Created with sketchtool. Created with sketchtool.
Sign Up for Free Weekly Newsletter

    Focus On Investment Factors You Can Control By Kathleen Rehl

    By Kathleen M. Rehl, Ph.D., CFP®, CeFT® Emeritus


    The daily news is filled with stories about people suffering personal economic discomfort. Exploding inflation, increasing interest rates, over-the-top gas prices, wages not keeping pace with expensive grocery bills and home rental costs, fear of recession, lingering pandemic problems, exploding value of real estate, Ukrainian war, and other distressing events have put stocks in a nosedive.


    What to do? Avoid focusing on what you can’t control. Rather, concentrate on what you can manage.


    Your investment performance depends on several main factors:


    • How much you spend
    • How much you save
    • Length of time you’re invested
    • Investing in a variety of diverse types of investments
    • Tax-reduction strategies
    • Making informed decisions after a major life transition such as the death of a spouse or partner
    • Market returns 

    You can manage the first six variables, but number 7 is impossible for you to control. Of course, you need to pay attention to the market, but there are more pressing things to dwell on during these challenging times—like the positive aspects of your life.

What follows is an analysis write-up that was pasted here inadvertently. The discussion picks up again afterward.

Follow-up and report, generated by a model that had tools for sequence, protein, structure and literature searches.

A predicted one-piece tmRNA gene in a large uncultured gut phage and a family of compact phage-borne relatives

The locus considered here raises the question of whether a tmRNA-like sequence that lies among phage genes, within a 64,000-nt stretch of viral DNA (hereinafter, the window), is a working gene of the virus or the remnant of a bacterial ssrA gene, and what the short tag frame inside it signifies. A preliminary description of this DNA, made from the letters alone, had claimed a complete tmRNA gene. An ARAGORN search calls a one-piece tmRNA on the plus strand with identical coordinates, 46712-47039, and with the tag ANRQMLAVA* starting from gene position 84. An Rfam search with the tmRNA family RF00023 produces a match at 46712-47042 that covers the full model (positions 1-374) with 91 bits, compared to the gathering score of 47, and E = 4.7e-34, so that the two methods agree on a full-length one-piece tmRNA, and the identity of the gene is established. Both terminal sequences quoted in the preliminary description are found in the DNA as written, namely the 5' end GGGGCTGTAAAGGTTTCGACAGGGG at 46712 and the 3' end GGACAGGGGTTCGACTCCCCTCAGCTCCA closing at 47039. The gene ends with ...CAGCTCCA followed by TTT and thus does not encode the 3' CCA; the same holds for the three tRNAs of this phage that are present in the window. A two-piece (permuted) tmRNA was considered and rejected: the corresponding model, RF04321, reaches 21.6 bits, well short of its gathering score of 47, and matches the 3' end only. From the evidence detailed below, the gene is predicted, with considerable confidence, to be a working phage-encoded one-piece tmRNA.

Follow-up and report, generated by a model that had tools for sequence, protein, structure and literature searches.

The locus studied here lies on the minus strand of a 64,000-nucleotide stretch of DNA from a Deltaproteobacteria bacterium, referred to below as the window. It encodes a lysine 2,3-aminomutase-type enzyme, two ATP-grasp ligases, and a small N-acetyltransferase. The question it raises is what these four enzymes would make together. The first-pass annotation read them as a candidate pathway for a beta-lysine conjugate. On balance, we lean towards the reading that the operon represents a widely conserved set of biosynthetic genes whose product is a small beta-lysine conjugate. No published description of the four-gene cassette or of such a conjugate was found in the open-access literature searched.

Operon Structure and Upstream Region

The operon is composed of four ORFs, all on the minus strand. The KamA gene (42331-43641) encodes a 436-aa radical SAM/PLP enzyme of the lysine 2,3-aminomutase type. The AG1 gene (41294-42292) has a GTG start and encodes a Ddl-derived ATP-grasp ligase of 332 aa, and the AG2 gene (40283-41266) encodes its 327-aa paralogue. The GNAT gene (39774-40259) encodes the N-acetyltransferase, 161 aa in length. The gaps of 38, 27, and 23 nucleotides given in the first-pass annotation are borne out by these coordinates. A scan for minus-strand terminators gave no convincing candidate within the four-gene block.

It’s the old saying about your glass being half full or half empty. By concentrating on your values and what matters most, you emphasize a glass half full. The joy in your life is where you want to devote most of your energies. Pay attention to what you truly can manage and turn away from what you have no power to control.


    Note: This article is a refreshed version of a segment first published in Rehl’s book.


    Kathleen M. Rehl, Ph.D., CFP®, CeFT® Emeritus wrote the award-winning book, Moving Forward on Your Own: A Financial Guidebook for Widows. She owned Rehl Financial Advisors for 18 years before retiring to a six-year encore career empowering widows. Now happily “reFired” at age 75, Rehl writes legacy prose, poetry, and letters, plus is an ambassador for several nonprofits. Her work has been featured in the New York Times, Wall Street Journal, Kiplinger’s, CNBC, USA Today, and many other publications. Her website is